Charter government, the opioid epidemic, education, agriculture. Those were the biggest priorities that came out of this Board of Carroll County Commissioners’ 2019 State of the County address on Tuesday, Jan. 8, at the Carroll Arts Center, an annual event put on by the Carroll County Chamber of Commerce.
Commissioners Dennis Frazier, R-District 3, and Eric Bouchat, R-District 4, focused on charter government, with Frazier likening commissioner-style government to the horse-drawn buggy — less efficient than government with a county executive at the top.
“I’m going to look at charter government and the commissioner form of government, and compare it to a horse and buggy and the automobile,” Frazier said. “Horse and buggy wasn’t broken — you got from point A to point B very well — but most people transitioned to the automobile because it was more efficient. It made you more comfortable, and you had more time to do things that were important to you.”
He said when a family with a horse-drawn buggy needed to haul a large quantity of goods, they needed to request help from neighbors, and that it is similar to what commissioners must do to get ordinances affecting the county out to Annapolis — get help from state legislators.
“The question isn’t really, ‘If it ain’t broken, why fix it?’ ” the second-term commissioner said. “The question is, ‘If something better is out there, why not use it?’ Local decisions should be made by local elected officials.”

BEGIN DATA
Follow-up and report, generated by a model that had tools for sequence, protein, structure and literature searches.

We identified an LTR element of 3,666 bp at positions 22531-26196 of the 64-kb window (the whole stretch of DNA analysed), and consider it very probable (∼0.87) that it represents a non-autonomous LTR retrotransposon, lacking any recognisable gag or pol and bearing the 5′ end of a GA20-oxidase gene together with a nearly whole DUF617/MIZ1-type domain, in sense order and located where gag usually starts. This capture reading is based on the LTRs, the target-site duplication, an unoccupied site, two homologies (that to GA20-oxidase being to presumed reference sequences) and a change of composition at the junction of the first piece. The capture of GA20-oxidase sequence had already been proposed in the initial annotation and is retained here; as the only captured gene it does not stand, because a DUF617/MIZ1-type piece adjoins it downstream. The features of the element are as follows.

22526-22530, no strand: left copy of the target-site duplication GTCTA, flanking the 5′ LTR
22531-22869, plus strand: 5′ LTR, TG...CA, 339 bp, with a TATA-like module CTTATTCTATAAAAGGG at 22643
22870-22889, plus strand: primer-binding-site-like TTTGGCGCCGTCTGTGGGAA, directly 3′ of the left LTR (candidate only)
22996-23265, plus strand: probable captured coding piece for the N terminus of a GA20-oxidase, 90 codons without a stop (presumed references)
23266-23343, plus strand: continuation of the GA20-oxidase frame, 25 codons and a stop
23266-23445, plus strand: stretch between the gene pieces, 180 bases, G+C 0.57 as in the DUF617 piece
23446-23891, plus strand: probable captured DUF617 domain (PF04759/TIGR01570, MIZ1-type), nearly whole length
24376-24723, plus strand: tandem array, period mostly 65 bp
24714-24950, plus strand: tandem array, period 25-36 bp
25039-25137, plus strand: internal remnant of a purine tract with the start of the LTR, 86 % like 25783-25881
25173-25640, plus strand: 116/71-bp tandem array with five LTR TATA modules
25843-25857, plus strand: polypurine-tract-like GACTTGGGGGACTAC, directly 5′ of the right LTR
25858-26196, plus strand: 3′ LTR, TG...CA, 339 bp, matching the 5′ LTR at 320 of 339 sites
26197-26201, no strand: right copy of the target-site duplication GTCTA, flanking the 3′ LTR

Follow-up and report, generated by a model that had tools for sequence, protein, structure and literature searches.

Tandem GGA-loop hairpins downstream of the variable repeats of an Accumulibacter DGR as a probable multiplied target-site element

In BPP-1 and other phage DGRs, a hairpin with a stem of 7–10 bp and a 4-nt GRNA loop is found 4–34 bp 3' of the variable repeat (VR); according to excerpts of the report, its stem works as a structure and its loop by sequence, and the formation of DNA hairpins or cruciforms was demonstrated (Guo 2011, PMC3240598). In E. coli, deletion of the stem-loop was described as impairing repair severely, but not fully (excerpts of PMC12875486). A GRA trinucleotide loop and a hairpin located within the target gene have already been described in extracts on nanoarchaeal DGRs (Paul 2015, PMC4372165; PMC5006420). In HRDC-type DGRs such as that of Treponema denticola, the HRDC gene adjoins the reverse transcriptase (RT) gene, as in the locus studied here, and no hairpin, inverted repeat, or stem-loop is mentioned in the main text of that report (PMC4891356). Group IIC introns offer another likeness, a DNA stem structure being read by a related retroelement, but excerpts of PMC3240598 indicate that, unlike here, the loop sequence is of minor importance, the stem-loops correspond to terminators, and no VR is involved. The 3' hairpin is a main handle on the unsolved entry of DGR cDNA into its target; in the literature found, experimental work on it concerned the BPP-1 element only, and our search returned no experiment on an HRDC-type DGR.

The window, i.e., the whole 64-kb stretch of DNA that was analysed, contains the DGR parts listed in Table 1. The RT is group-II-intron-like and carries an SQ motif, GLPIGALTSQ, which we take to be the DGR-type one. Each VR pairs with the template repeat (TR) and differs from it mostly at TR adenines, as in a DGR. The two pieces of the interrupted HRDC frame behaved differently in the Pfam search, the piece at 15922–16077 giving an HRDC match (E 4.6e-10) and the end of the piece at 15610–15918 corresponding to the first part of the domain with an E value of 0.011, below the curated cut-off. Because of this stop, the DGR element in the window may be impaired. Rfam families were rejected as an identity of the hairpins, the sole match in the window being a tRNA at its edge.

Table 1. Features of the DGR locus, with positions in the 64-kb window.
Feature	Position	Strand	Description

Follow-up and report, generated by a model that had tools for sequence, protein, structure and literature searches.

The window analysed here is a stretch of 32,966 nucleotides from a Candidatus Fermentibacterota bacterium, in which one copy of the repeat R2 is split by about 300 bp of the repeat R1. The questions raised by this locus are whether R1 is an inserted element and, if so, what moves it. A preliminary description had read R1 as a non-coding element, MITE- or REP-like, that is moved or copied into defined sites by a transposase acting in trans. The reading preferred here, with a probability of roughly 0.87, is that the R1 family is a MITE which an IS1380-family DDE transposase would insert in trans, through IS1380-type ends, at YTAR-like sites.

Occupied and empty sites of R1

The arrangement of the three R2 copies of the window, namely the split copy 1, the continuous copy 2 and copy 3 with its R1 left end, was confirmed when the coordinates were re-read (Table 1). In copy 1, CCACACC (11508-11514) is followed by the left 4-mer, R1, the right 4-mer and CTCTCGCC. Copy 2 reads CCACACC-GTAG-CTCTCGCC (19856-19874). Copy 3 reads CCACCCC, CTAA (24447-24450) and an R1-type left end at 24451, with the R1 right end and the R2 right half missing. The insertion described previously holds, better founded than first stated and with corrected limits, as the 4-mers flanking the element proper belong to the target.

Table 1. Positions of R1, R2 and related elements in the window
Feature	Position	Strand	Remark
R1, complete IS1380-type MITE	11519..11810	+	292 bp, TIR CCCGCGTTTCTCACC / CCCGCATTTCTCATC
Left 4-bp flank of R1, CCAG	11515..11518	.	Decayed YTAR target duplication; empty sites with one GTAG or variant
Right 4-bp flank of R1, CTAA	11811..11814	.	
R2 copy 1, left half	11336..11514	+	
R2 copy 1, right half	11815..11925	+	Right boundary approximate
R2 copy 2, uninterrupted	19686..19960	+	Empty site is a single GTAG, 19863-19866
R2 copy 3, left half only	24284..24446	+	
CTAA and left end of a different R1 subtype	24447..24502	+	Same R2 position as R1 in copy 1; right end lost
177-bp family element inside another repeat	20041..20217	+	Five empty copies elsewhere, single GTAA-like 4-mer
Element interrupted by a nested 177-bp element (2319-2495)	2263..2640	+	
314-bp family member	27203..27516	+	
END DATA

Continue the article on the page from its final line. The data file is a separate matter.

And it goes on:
The newly elected Bouchat agreed, stating that five part-time officials, each serving as one-fifth of a county executive, is no way to get the job done.
“That the county government is a half-billion-dollar industry run by part-time officials, that boggles my mind,” he said. “It should boggle yours as well.
“I ask my fellow citizens to envision a future where we elect a countywide chief executive officer to run our county, with a county government beholden to the voters,” Bouchat said.
The last attempt to write a charter in the 1990s resulted in failure, Frazier said, because of misinformation spread through fliers at the last minute that residents did not have enough time to fact-check.
“Like Lincoln said: It’s much easier to fool someone than convince someone they’ve been fooled,” he said.
On Thursday, the first item on the commissioners’ agenda is public comment on a request to form a charter government committee.
Bouchat’s other focus for the morning was battling the opioid epidemic.
“America [has] lost more of its people to the opioid epidemic than 12 years in the Vietnam War,” he said.
“Think about that: The Vietnam War sparked a protest movement that moved our entire population, yet here we are with our children dying and coworkers dying and we are not fully doing everything we can,” Bouchat said. “For each death in our community, it’s like a crater blown out in our society, that around that person’s death is a dozen other people who are suffering, a dozen other people have been victimized by that person’s addiction.”
He said he wants to sue opioid manufacturers, and that the board learned at the Maryland Association of Counties winter conference that it can do that at the state level instead of at the federal level.
“The tobacco suits of the 1990s proved that we have an option that we can sue the opioid manufacturers in state court — and most likely have a better chance of success holding them accountable — and have the resources we so badly need to address this epidemic,” the District 4 commissioner said.